Snoring is a common condition, one that many of us — and our partners — face. Chronic snoring can make it difficult to get restful sleep and may even disrupt the sleep of loved ones nearby.
When we fall asleep, our body relaxes. “Relaxation of the throat muscles during sleep allows the walls of the airway to come closer together. As the airway closes, the throat vibrates, making a rattling noise as air rushes past,” says Dr. Laliotis.
As we fall deeper into sleep, our muscles relax further, creating more noise from the throat. Some of us are more prone to snoring due to the shape of our mouth, throat and nose.
Fortunately, there are three ways to reduce your chances of snoring:
1. Maintain a healthy weight.
Carrying excess weight is a common culprit of snoring. As the neck gets thicker, the back of the throat becomes narrower and symptoms intensify. Oftentimes, losing as little as 10 percent of your weight can increase airflow and reduce snoring.
2. Sleep on your side or stomach.
Try to avoid sleeping on your back. When muscles relax in this position, gravity pulls the jaw and tongue backward, narrowing the airway more than if you were lying on your side. A body pillow or an anti-snore shirt can help keep you propped on your side during the night. Anti-snore shirts use soft foam attachments to prevent you from rolling onto your back during the night. You can buy both items online.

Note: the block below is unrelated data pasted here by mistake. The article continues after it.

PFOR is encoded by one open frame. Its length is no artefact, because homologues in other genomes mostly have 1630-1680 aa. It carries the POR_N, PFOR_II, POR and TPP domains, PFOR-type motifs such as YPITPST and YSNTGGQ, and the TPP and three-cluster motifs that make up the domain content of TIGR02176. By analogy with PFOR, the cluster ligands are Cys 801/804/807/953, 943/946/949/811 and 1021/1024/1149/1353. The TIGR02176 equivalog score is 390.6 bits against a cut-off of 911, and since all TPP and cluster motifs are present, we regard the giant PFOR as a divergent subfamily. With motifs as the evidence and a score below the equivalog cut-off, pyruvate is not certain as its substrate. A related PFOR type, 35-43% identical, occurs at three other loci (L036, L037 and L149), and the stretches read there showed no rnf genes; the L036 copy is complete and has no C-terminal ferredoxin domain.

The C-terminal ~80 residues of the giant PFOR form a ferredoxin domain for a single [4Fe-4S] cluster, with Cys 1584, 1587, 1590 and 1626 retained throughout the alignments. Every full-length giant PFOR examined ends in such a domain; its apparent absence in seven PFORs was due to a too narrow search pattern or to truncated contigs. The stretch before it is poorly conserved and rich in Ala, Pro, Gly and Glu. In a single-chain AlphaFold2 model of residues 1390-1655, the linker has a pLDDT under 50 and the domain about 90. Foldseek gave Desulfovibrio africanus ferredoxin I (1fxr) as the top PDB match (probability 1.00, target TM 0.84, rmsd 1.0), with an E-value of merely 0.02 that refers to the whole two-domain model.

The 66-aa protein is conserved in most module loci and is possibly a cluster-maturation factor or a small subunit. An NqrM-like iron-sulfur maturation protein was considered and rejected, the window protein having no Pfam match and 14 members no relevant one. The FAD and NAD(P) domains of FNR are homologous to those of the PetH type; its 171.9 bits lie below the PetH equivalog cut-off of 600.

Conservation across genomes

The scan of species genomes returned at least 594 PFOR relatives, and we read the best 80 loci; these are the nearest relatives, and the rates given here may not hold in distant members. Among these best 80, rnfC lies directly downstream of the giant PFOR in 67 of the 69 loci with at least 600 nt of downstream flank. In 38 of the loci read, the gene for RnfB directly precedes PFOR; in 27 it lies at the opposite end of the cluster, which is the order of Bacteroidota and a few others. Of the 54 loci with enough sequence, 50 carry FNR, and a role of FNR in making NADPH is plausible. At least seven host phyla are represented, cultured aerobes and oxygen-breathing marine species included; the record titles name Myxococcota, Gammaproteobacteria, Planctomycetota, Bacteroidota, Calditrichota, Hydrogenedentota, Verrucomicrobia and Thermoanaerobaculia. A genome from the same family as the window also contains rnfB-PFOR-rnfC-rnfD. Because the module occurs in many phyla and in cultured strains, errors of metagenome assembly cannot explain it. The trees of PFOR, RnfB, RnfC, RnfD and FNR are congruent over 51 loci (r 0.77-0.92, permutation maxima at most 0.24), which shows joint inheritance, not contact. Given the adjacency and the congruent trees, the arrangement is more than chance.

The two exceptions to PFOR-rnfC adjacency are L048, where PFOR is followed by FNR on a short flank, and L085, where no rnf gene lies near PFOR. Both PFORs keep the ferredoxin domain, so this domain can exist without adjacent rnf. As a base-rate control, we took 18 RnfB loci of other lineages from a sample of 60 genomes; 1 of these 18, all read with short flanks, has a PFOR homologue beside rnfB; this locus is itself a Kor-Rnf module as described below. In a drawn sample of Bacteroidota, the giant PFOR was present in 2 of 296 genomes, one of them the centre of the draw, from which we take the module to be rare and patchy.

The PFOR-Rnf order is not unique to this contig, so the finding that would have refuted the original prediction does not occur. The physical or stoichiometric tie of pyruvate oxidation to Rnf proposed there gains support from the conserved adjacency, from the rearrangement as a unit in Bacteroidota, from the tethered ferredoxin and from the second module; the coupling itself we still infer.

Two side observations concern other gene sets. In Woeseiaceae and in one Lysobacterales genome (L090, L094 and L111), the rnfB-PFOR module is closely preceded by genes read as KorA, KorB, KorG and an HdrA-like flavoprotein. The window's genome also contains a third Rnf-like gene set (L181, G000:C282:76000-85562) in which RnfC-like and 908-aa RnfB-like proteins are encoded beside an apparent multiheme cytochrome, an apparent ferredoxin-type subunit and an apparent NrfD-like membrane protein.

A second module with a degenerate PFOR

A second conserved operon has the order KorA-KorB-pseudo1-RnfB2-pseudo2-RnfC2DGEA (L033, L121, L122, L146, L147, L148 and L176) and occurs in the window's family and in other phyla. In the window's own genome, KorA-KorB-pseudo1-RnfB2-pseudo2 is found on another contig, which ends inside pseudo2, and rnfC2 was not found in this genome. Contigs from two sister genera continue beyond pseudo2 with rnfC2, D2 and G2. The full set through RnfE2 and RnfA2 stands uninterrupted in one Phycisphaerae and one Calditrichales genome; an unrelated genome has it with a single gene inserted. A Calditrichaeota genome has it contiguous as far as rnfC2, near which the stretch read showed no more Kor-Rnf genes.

3. Avoid alcohol before bed.
Alcohol relaxes muscles and further restricts the airway lying down. Avoid drinking alcohol close to bedtime.
Dr. Laliotis advises against purchasing over-the-counter dental appliances that claim to prevent snoring without first consulting your dentist. “These appliances can be ill-fitting and may cause your teeth to shift, requiring expensive orthodontic work to fix,” he says. “Instead, speak to your dentist about creating a custom-fitted apparatus.”
Adhesive nasal strips are another questionable over-the-counter remedy. The strips can provide relief from snoring due to congested nasal passages, but may provide little relief from the root cause of chronic snoring.
Sleep apnea is a more severe condition related to snoring where the airway is restricted completely during sleep. Dr. Laliotis recommends speaking to your doctor if you are experiencing excessive daytime sleepiness, unrefreshing sleep or have experienced interruptions in breathing during sleep.
For the news media: To talk with Dr. Ari Laliotis about snoring prevention for an upcoming story, contact Erica Carlson, senior public relations specialist, at firstname.lastname@example.org.